Scotland has produced a long line of fantastic players over the years. I can’t put my finger on exactly why that is, but for a small country we have certainly excelled.
You only have to mention Stephen Hendry (seven world titles) and John Higgins (four world titles) and you have two legends of the game. Throw in Graeme Dott (world champion), Stephen Maguire (UK champion) and Alan McManus (Masters champion), and you can see that us young Scottish players have some big shoes to fill.
My earliest snooker memory is when I was seven, watching Higgins win the 1998 world title on TV. I played a bit of pool on holiday that year and then, like a lot of kids, had my own table. I fell in love with the game and played every day after school and all weekend. Right from an early age I knew I wanted to be a pro.
Two years later I was practising in a club in Glasgow. I was doing a routine, lining up the balls and such, and hit a break of 91. I could see Higgins over on another table, and I noticed that he kept glancing over at me. I was just messing about but I remember thinking ‘Oh my God, there’s John Higgins watching me’. Funny how you remember the silly things!
My main practice partners are Marcus Campbell, who is a very good player, and McManus, but I’ve also played with John and Hendry, and also meet up with Maguire for the odd session. I first practiced with Hendry when I was 14 or 15 – he’s a phenomenal player, of course, but he’s very quiet and laid-back as a person. You see players on TV and maybe put them on a pedestal, but they’re just like you and me.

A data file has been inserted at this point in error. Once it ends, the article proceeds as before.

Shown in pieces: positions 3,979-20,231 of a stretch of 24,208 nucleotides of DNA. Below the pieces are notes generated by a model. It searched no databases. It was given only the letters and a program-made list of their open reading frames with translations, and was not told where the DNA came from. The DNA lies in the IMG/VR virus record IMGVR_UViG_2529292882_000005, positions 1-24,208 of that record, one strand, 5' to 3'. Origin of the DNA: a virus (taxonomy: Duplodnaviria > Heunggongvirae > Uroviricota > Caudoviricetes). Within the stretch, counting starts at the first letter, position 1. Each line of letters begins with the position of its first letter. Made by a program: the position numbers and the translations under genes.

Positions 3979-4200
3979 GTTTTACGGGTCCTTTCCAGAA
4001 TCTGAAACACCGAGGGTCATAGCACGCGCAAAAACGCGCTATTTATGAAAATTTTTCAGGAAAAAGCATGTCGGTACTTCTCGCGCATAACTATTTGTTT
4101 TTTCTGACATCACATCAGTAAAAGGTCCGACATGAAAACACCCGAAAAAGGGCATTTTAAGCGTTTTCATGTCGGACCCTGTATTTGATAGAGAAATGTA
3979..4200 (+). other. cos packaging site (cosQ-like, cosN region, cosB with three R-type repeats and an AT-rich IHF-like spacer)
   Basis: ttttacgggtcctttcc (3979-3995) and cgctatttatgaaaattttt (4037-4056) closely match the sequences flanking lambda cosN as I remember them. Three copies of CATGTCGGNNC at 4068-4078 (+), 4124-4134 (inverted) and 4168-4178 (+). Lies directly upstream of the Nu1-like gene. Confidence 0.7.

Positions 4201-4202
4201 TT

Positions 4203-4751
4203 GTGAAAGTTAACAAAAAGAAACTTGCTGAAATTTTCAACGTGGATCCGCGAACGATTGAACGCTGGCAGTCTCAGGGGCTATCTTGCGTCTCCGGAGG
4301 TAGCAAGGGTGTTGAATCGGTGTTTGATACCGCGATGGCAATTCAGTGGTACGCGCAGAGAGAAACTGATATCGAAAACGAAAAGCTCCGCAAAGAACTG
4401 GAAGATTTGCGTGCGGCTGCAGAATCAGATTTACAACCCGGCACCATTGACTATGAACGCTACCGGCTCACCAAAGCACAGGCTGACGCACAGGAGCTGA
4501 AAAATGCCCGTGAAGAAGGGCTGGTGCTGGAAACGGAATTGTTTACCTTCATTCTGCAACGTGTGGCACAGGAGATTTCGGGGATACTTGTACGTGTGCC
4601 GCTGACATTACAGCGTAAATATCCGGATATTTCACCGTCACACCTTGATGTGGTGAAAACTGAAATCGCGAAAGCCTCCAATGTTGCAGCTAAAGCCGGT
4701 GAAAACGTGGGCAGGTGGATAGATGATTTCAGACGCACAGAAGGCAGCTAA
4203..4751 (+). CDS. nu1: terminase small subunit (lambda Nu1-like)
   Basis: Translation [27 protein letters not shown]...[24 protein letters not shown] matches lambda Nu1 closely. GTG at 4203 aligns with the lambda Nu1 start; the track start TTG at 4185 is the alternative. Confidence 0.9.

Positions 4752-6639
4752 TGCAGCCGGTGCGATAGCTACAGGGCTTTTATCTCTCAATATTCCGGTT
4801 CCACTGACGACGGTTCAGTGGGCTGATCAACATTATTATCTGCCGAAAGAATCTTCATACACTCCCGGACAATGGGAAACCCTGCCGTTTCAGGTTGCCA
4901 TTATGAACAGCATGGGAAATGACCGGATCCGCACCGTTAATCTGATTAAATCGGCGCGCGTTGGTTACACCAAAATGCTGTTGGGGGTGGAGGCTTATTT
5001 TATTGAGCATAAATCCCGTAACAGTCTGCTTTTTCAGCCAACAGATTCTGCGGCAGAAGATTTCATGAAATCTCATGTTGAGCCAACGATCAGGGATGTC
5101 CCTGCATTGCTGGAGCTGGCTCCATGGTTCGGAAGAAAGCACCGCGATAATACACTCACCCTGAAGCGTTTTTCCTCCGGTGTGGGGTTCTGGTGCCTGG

It’s brilliant to practise with the likes of those players, and it’s going to be very difficult to match their achievements. Scotland is looking for its next big player and, although a couple of younger Scots, Michael Leslie and Scott Donaldson, have just turned pro, I’m the youngest ranked in the top 64.
So maybe Scotland ise looking at me to be the next champion, but that doesn’t put any pressure on me. I want to do well for Scotland, but I also want to do well for myself. If I keep practising hard, and playing against players who are better than me, then you never know.
I’ve had unbelievable support from my parents. They saw the potential in me and, fortunately, we’re lucky to have a big garden so they got me my own full-size table at home. It cuts out commuting to Glasgow every day and, for me, it’s important to practice on my own. I know a lot of players don’t like it, but I find it helps to concentrate on certain aspects, such as long potting or safety play, although you do need to balance it out and pit yourself against players down at the club.
I’ve not had the best of starts to the season. I lost 5-4 to David Gilbert in the Wuxi Classic, after being 4-0 down, and then, in the Australian Open, beat Dechewat Poomjaeng 5-3 before losing 5-0 to Marcus Campbell. I’ve got a few weeks until the next PTC and I know what I have to do to fix things. If you put in the work, you get the rewards.
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